And your body will thank you for it.


Howtu is Kotaku's guide on how to get the most out of your gaming.


Comments

    This is a good idea, except for leaving out 2 huge health tips. Standing still on a hard surface (which most people will be unless you have extremely plush carpet) can be just as bad for your health long term as sitting and slouching in front of a computer, for some people you will end up worse worse.

    1) Use a thick rubber mat to stand on, an OH&S approved one would be good, any thick rubber mat would be fine. Standing is good for the body, standing still for prolonged amounts of time especially on hard surfaces is not.

    2) Unless you have perfectly formed feet (almost nobody does any more) you basically should be wearing shoes the entire time, with good support. Nothing flattens your feet out more then standing still for hours at a time on a hard surface. The rubber will mitigate some of the need for this but not by any means all of it.

      Shoes are relatively new in the history of humans and you'll get by totally fine in bare feet. You'll even notice your back will naturally straighten over time giving you better posture and stance. I doubt anyone will stand perfectly still either. I know when I play games I tend to get very into it, ducking with my character etc. Not to mention you'll move around when you are waiting for loading times.

      The only this does wrong is the need to fit it to the wall. As someone renting, I can't go drilling holes in walls. Though it doesn't look all that complicated to mod.

        Sure shoes are new, but so are hardwood/concrete/etc floors, before shoes we walked in dirt and other soft and conforming materials, rarely hard materials, and it is because of shoes and these hard floors that humans feet have started falling and becoming misshapen.

        So as I said unless you have perfectly formed feet, enjoy your fallen arches and microfractures from the pressure.

        As for the small amounts of moving around, sure you will but not nearly enough. There is a reason anyone required to stand behind a counter for work needs a rubber flooring.

          After six years of wearing vibram five fingers and various other 'minimal styled' shoes I'm yet to receive any of these fallen arches or microfractures. Despite popular opinion our body is developed, hardened and evolved from our hunter gathering days; days that our ancestors walked over everything. Grass, sand, rocks, ash, pine... You name it; your feet have walked it.

          Now day's be it our fat burning oddly curved shoes or the massive foam padding put in runners we end up with shin splints, hairline bone fractures and knee reconstructions. Don't doubt your feet. They'll carry you through. :D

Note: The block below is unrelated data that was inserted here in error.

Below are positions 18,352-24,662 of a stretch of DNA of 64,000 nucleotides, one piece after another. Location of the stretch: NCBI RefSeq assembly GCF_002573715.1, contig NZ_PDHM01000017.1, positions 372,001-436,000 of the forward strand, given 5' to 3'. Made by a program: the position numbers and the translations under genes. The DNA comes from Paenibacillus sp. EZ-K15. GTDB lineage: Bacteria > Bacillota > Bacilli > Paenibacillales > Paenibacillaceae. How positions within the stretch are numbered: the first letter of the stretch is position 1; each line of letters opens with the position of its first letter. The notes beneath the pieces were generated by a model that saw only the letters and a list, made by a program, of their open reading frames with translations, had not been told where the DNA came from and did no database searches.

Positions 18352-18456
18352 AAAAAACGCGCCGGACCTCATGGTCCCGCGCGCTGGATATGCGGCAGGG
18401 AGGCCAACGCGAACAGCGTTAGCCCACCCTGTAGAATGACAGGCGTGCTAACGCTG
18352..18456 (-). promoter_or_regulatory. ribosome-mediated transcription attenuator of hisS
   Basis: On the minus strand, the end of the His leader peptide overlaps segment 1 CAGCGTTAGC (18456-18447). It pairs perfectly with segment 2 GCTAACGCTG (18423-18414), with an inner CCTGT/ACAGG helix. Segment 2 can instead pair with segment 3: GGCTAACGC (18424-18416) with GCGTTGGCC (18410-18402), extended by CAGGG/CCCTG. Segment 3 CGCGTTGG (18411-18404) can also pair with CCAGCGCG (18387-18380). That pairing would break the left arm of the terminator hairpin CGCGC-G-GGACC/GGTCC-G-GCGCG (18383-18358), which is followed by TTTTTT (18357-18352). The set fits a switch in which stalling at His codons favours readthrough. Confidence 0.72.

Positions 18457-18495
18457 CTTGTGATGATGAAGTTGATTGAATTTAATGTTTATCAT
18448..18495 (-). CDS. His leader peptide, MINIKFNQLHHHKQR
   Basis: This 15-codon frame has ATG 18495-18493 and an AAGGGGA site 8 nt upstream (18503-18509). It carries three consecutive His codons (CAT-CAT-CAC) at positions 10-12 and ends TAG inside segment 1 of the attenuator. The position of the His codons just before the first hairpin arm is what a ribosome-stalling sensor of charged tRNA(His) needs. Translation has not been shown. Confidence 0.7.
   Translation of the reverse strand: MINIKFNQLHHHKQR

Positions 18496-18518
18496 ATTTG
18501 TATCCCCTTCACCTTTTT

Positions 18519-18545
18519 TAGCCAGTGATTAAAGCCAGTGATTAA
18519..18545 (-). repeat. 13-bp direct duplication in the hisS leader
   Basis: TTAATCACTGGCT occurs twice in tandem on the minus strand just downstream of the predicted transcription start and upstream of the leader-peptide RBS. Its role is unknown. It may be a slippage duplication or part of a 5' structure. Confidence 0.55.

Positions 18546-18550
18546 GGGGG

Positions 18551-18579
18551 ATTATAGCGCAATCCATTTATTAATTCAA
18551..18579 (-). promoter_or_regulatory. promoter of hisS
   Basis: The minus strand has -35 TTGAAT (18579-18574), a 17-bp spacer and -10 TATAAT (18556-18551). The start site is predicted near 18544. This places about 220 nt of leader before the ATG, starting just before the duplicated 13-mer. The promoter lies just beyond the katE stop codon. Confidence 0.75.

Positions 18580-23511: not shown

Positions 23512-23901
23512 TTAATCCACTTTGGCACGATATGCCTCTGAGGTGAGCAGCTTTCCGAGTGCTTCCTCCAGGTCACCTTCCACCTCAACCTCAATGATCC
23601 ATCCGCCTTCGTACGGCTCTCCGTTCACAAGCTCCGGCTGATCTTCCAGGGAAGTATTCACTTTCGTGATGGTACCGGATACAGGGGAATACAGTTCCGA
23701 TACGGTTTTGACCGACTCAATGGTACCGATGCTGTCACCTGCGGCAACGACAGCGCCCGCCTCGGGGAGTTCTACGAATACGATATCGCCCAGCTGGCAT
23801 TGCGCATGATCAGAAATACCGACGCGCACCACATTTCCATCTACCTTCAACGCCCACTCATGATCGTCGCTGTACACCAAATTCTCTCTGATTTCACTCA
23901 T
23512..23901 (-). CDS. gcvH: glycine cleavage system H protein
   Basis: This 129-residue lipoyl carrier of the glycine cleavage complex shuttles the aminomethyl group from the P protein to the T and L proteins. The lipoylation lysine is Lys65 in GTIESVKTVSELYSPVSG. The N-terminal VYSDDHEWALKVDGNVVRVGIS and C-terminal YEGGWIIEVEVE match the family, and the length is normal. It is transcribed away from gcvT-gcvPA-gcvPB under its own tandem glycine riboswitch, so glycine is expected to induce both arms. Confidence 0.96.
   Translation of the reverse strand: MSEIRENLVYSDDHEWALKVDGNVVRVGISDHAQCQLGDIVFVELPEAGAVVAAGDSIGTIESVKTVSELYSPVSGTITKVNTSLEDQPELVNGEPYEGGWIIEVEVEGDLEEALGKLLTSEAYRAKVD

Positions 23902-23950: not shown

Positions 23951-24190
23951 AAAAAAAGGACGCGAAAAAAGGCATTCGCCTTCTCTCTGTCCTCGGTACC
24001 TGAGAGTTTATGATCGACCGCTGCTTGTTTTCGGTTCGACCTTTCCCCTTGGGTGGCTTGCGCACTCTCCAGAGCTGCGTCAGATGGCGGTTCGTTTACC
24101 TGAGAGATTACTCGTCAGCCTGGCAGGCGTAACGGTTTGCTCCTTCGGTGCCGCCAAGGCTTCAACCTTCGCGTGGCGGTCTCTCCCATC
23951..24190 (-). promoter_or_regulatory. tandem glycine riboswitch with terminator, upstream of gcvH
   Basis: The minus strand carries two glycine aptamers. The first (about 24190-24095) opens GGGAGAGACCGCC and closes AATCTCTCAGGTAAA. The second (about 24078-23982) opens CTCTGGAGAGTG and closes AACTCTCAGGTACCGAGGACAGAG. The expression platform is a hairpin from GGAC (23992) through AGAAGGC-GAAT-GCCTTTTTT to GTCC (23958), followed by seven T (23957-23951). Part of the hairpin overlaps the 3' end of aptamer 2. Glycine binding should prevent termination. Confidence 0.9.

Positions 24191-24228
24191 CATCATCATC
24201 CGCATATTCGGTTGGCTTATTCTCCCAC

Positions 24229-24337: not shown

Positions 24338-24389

As for the moving, I highly doubt you can stand for five hours on the spot without either sitting down or moving enough to release tension in your muscles, it's near impossible. (But easy to do sitting down.)

            "It hasn't happened to me so it means it wont happen at all to anyone! Ever!"

            Really bad logic. Really bad. He's right about the mat, he's right about protective footwear when standing in one spot for an extended period of time. Microfractures can happen, the thing is you likely won't know until later in your life when you actually bother getting youself Xrayed and see a bunch of what looks like 'scarring' up and down the bone where you've healed multiple times without knowing it.

            As for the moving, I highly doubt you can stand for five hours on the spot without either sitting down or moving enough to release tension in your muscles, it's near impossible.

            Ever worked in a kitchen before...

            Last edited 30/05/13 3:39 pm

              So if it's happened to you it will happen to everyone? Sounds like "really bad logic".

              Plenty of research show's otherwise. I ground out the cartilage that connects my legs to my hip (it essentially looks like an O ring), I've torn ligaments in the heel of my foot and I've had minor shin splints all while wearing the typical keyano runners. Six years ago after recovering from the cartilage injury a physio recommended I try barefoot shoes, and guess what? Injury free for six years!

              A mat might be helpful, but it's not a necessity and protective footwear is no better. Look at our history; look at how young nike/brooks and adidas are. You feet are a honed and finely tune machine, built to be used. Stop mashing them into the end of a shoe.